Listen: The many twists of “The Family Plot”

The Any Music Singers on stage at Pickens Hall in Heuvelton, NY

I had a nice surprise in my office mailbox the other day, a CD of a live performance of a song made by Barb Heller from one of my poems, “The Family Plot,” recorded at Pickens Hall in Heuvelton, NY on May 20, 2016. The song is performed twice, once by Barb accompanying herself on guitar, and once in an acappella choral arrangement by Paul Siskind, who directs The Any Music Singers.

The poem has a back story that reaches into my childhood, when I was taking census of graves in cemeteries across the North Country as a project for Yorker Club in middle school.

Artist Paul Davison with his Five Rivers offering to the Raquette River. My incised haiku reads: All through Stone Valley / snowmelt hammers sandstone flat. / Where does my rage go?

The middle chapters of the story include a collaboration with artist Paul Davison in the late 1970s, where we were creating mixed media works that would be given as votive offerings to the five rivers: St. Lawrence, Oswegatchie, Grasse, Raquette and St. Regis.

“The Family Plot,” based on recollection of one middle school field trip, was written as an offering to the St. Regis. A family burial section in a cemetery overlooking that river was the spark for the original poem:

The Family Plot

I left my lover ‘cross the river
in a house all weathered silver
by the storms bred on the mountains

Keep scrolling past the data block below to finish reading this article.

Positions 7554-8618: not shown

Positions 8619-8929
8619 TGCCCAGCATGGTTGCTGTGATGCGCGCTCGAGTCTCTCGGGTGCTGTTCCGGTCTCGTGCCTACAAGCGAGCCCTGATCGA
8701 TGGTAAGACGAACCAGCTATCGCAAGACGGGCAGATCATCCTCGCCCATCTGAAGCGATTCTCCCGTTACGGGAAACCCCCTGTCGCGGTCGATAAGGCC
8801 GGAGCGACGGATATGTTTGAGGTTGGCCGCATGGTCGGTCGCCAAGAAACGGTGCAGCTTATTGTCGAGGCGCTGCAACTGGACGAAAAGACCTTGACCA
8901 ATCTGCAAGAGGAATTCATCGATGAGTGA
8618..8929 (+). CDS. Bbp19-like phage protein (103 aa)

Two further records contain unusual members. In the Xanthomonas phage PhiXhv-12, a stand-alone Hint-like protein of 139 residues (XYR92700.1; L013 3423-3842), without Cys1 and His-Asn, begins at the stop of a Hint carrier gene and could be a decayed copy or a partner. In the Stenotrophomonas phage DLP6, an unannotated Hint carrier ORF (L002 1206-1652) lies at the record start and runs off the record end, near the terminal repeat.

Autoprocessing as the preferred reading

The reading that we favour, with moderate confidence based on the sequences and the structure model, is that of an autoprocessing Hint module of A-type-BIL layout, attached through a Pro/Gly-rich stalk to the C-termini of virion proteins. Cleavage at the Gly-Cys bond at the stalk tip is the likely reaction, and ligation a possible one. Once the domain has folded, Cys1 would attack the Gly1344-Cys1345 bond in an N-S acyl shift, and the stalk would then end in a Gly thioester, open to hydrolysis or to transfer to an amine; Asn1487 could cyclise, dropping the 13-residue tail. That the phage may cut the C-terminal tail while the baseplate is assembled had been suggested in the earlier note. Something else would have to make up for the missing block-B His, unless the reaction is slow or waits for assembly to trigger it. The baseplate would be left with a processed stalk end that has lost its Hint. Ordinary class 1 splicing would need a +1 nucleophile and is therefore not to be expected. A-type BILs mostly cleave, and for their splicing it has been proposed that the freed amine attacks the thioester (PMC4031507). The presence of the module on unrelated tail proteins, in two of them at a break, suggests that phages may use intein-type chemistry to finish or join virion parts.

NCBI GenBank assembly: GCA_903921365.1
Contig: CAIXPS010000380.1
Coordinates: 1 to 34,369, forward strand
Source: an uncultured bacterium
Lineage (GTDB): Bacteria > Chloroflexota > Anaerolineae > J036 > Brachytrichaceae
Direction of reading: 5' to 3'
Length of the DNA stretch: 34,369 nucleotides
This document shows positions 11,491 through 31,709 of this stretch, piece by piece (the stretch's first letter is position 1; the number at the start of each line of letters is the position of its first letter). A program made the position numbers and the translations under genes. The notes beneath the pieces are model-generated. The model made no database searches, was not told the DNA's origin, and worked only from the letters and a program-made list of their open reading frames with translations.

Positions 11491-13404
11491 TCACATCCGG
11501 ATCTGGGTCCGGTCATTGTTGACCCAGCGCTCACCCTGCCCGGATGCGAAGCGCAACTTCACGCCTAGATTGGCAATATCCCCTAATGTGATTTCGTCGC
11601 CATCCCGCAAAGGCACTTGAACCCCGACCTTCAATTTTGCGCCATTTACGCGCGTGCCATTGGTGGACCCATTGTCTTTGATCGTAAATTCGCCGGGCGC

all around the flowered uplands

where she grazed the brindled cattle
’til her love returned from battle
in the swelter of Manassas
or was lost beneath its grasses.

So she tethered ‘cross the river
a cedar dory weathered silver
softly washed by half moon shimmer
for my midnight ferry over.

From a shelf beside the woodbin
hung my slippers cut from doeskin
and a lamp of scented tallow
for my weary feet to follow.

Now my lover’s weathered silver–
home I came and stayed to claim her.
Here our boys will lay us under
’til they join us come hereafter.

Barb Heller on stage at Pickens Hall. Photo: Lizette Haenel

Some decades later, my colleague and friend at North Country Public Radio, Barb Heller,  was going to a songwriting workshop and was looking for lyrical material to work with. This poem being one of very few that I had written in anything resembling formal structure, I pitched it up, and she knocked it out of the park.

Then, another decade later, when Paul Siskind was looking for lyrical works by local artists that could become the basis for a choral concert by his group, The Any Music Singers, the melody and lyric were ready to hand. It all came together for two performances in 2016, one in the lovingly-restored Pickens Hall in Heuvelton, and another on the campus of St. Lawrence University in Canton, NY.